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Thread: Planning in different countries

  1. #1
    Cyburbian michaelskis's avatar
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    Planning in different countries

    How is planning different in different countries around the world. I figure with planning being a political, social, and site specific process different countries would have different ideas as to what their goal in planning is. Sometimes planning can be different even in the same country. For example there my be different concepts and ideas in a North East river town as it is in Arizona. I also wonder if it is difficult for someone to go to another country and create a successful plan in the middle of a completely different culture.

    What are your thoughts on this?
    "A long habit of not thinking a thing wrong, gives it a superficial appearance of being right, and raises at first a formidable outcry in defense of custom. Time makes more converts than reason." - Thomas Paine Common Sense.

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    A big question….

    The RTPI (our professional body in the UK, the Royal Town Planning Institute) defines planning as:

    Planning, or Town and Country Planning to use its full name, is the system we have for managing changes to our environment. Through planning we can identify what changes we need to make: new homes, places to work, transport and community facilities etc; and where these should be located. These changes are called development. Planning seeks to ensure that we achieve a balance between our need for new development while conserving what we value about our environment such as green spaces, wildlife, historic buildings and places etc. Planning can make positive changes to our environment and communities. It can create places such as cities, towns and villages that we treasure; want to live in, work in, visit and enjoy. Planning is about our future. It aims to balance our current need for development against the needs of our children and future generations. This is called sustainable development. Our system of planning is an important part of our democracy. It can help deal with the different views between groups over development and provide opportunities for people to have their say about the future of their neighbourhoods, communities and areas.
    I'd imagine that this is probably a vision/description that would fit planning across the world. IMHO I don't believe the system in England and Wales is that complicated, and I'm sure a planner from practically anywhere else in the world would be able to get the hang of it fairly quickly and work in a planning environment here.

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    Cyburbian munibulldog's avatar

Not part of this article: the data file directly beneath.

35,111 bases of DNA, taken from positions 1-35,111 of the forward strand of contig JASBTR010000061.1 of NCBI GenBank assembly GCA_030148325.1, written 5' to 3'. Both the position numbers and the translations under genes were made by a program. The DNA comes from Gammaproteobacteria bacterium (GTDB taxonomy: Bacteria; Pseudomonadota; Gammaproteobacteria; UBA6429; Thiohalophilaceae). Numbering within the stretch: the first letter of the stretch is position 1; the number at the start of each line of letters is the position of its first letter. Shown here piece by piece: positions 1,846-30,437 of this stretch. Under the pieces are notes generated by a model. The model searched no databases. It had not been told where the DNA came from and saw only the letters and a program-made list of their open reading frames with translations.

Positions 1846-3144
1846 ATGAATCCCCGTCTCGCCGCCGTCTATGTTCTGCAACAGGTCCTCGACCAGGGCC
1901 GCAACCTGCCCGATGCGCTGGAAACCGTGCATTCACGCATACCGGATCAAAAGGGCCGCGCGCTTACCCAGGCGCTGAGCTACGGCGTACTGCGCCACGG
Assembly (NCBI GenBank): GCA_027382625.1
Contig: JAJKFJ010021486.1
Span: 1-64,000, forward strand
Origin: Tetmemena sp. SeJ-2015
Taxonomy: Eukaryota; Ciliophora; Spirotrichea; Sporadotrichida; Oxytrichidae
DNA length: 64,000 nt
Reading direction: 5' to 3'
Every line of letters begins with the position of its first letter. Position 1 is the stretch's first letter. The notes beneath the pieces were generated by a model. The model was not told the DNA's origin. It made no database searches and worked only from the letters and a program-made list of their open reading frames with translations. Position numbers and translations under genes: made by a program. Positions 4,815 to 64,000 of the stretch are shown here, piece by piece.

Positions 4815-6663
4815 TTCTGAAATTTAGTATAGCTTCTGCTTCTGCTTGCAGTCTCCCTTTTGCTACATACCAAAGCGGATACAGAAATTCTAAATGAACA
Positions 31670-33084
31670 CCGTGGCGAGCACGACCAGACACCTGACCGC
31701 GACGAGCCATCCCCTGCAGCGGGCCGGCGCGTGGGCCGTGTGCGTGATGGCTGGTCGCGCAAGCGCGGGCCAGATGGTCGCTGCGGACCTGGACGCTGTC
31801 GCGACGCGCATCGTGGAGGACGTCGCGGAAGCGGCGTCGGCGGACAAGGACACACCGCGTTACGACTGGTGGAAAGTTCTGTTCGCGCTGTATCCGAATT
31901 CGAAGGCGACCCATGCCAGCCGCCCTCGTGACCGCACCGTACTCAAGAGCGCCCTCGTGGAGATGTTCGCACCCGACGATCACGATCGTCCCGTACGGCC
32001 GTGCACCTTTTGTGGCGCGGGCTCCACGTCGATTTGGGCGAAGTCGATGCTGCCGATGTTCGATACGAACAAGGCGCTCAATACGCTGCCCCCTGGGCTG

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    That is a very nice statement of what planning is. Thanks for posting it.

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    Cyburbian JNL's avatar
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    Quote Originally posted by munibulldog
    That is a very nice statement of what planning is.
    Yes, it's a nice description of planning, but doesn't really describe the day-to-day tasks of planners. I would think legislative and cultural differences would be two key points of difference, but with some time to familiarise with these, it might not be too hard to adapt. It seems quite a few planners here spend some time working in the U.K, and vice versa.

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    Cyburbian michaelskis's avatar
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    Do you think that there are particular aspects of planning, such as street and or parking requirements that would be typical in the US, might be omitted all together in some other places. Or even some uses that might be in the same building that might not even be in the same block around in the US?
    "A long habit of not thinking a thing wrong, gives it a superficial appearance of being right, and raises at first a formidable outcry in defense of custom. Time makes more converts than reason." - Thomas Paine Common Sense.

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    Quote Originally posted by michaelskis
    Do you think that there are particular aspects of planning, such as street and or parking requirements that would be typical in the US, might be omitted all together in some other places. Or even some uses that might be in the same building that might not even be in the same block around in the US?
    I think these are likely accurate statements. Any differences in planning in different countries might be around a general acceptance of density, when compared to the US.

  7. #7
    Cyburbian Trail Nazi's avatar
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    I know that planning in different states can seem like planning in a different country, right PG!

    Does APA still sponsor the planner exchange between countries?

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    Thanks for the comments about the quote.

    I think the quote probably sums up fairly well the ethos behind planning for most of the world (I await to be corrected ).

    Clearly in different countries (or even in different states) there will be differing systems of planning, different legislation and statutes etc and also different political situations. However I'd like to think that being planners generally means that we would be able to adapt to working under different systems fairly quickly.

    Or maybe I'm just being too optimistic?!

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